New cases COVID-19 Dlamini-Zuma

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Umlazi’s Velabahleke High School reports its first COVID-19 case

One of Umlazi’s top-performing schools, Velabahleke High School, closed briefly after a pupil tested positive for COVID-19.

New cases COVID-19 Dlamini-Zuma

Photo: Unsplash

The KwaZulu-Natal school sent pupils home early on Wednesday 15 July and instructed them to return on Monday this week.

Despite this, others at the school are still concerned. One classmate of the infected pupil said she was scared and feared for her life.

“I just wish that things could’ve been different but we find ourselves in a very unfortunate situation,” said one pupil who asked to remain anonymous.

“I understand that we need to come to school everyday because we lost a lot of time when COVID-19 forced schools to close early in March. For most learners, home is not a conducive environment to study and get work done

A teacher who asked not to be identified, also spoke out.

“We acknowledge that our lives are now in danger, especially pupils’ lives because some have come into contact with the learner,” the teacher said.

“We now more than ever need to be careful and take all the necessary precautions. I fear for the infected learner because she’ll now be stigmatised.”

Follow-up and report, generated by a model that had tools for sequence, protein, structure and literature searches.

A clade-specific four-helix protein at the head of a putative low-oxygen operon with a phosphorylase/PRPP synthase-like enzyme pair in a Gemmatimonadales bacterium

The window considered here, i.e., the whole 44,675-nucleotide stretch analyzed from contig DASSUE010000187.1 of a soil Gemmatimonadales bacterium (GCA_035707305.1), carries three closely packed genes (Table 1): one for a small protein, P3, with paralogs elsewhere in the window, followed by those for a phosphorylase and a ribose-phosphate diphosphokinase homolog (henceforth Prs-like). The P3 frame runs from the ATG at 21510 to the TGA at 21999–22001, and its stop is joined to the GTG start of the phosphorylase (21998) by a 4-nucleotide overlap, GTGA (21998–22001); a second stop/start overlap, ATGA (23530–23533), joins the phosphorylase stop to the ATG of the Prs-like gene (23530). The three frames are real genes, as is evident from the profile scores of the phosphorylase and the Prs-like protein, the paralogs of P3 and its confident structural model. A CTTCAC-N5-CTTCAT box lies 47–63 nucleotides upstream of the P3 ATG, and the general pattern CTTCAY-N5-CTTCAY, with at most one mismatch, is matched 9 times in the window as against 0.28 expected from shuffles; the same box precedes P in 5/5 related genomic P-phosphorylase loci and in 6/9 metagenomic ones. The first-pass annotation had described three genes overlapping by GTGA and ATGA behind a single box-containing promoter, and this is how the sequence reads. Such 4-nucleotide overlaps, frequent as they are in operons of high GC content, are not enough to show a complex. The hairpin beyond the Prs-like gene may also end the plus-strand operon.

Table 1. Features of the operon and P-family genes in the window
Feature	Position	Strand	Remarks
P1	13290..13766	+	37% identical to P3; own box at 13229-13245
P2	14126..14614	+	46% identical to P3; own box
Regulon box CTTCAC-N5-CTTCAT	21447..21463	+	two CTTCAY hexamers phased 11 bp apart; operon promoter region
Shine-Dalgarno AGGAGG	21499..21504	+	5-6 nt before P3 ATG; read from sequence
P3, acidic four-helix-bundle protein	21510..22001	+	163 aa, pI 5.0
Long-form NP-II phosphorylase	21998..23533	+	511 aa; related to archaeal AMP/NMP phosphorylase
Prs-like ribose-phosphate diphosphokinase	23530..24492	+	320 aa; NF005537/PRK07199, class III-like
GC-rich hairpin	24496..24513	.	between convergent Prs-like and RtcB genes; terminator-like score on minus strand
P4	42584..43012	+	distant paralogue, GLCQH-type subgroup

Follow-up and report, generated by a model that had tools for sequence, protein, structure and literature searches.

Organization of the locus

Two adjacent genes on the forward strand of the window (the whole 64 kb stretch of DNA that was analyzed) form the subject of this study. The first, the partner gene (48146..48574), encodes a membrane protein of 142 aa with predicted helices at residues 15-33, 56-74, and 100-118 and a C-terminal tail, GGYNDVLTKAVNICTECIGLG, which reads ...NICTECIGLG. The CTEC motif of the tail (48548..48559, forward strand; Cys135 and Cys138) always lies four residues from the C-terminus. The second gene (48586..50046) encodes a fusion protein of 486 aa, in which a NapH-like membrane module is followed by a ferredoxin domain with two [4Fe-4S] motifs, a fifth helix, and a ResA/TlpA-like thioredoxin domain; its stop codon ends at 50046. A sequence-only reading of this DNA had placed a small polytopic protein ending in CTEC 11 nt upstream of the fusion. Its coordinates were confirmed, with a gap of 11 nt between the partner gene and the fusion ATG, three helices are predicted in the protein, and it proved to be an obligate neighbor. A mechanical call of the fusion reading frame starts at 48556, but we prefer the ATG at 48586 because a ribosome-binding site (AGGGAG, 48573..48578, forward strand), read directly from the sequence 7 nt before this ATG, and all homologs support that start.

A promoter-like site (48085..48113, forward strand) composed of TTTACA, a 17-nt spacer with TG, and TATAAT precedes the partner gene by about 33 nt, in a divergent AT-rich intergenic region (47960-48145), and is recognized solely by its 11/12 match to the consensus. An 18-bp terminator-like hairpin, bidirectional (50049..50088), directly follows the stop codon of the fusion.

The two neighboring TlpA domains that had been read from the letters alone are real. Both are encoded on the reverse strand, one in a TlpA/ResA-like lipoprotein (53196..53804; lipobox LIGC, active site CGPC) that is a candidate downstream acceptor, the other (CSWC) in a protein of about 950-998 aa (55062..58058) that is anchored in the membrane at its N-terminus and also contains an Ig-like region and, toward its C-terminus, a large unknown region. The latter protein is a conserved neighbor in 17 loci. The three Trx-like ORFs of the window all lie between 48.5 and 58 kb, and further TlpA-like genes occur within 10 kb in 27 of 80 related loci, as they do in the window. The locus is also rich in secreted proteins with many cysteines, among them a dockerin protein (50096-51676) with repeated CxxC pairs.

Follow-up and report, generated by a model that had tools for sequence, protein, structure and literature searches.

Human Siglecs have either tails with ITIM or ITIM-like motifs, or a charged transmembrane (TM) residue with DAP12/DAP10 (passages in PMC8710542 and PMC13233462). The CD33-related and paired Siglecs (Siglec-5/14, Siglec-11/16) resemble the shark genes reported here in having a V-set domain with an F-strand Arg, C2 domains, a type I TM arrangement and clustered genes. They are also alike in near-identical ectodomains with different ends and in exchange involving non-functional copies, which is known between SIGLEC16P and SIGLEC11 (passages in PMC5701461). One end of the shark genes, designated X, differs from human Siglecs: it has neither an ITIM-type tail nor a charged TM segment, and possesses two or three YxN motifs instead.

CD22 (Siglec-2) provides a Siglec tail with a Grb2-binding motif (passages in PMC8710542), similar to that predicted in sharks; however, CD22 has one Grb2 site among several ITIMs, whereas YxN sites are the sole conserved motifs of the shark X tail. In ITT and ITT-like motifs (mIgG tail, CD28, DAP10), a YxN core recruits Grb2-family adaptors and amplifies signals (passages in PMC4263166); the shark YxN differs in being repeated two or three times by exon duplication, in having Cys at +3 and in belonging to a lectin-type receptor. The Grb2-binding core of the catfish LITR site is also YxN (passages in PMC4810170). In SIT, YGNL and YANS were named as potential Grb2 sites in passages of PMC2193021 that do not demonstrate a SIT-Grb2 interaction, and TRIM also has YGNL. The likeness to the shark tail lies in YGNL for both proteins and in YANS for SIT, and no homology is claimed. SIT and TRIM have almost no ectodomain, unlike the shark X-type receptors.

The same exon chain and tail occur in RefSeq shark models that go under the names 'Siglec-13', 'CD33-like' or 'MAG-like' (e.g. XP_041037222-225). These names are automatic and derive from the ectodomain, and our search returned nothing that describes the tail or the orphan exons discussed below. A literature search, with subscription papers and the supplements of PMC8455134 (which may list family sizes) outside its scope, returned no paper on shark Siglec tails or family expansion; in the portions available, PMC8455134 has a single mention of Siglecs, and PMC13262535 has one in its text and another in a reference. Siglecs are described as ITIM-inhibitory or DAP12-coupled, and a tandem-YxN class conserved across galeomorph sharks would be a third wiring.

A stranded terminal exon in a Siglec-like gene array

Velabahleke principal gives reassurance

Velabahleke principal Bheki Cedric Mhlongo said the school was following protocols as set out by the Department of Health.

“We screen everyone and isolate those who display symptoms and they only come back to school after getting their results,” Mhlongo said.

He said schools may be one of the safer places for children during the pandemic.

“Generally in townships when children are home they roam the streets the whole day without face masks. That increases their chances of contracting the virus.

“I believe that school is the safest place to be, especially for matriculants in my school. They start at 06:00 and go home at 18:30, that way they don’t come into contact with many people.

“I am in contact with the infected learner’s family and she is currently in quarantine and will come back to school after 14 days.”

Calls for schools to close

Former Democratic Alliance (DA) leader Mmusi Maimane has been vocal about schools having to rather shut down.

In a video he shared on his social media, Maimane called on the World Health Organisation (WHO), teacher associations, teachers, learners and civil society to help support the school stay-away.

“Let us stand together to say schools must be shut until after the peak point. Infections are riding, the last thing we need is for our schools to become centres where the virus can be spread,” he said.

“Let us shut down schools until the post-peak period. While doing that, we must make sure our matriculants are given digital devices. We can also ensure that all schools that are without personal protective equipment , are supplied with some.

“Furthermore, we can adjust the curriculum so that exams can be written later and assessments done properly.”

Several teacher unions, including the South African Democratic Teacher’s Union (Sadtu), have called for the Department of Basic Education to close schools. There has been an increase in the number of infections among teachers and pupils.

Basic Education and Training Minister Angie Motshekga has detailed how more than 1 260 pupils and 2 740 teachers had been infected by COVID-19 since the return of Grade 7 and 12 pupils on 28 June.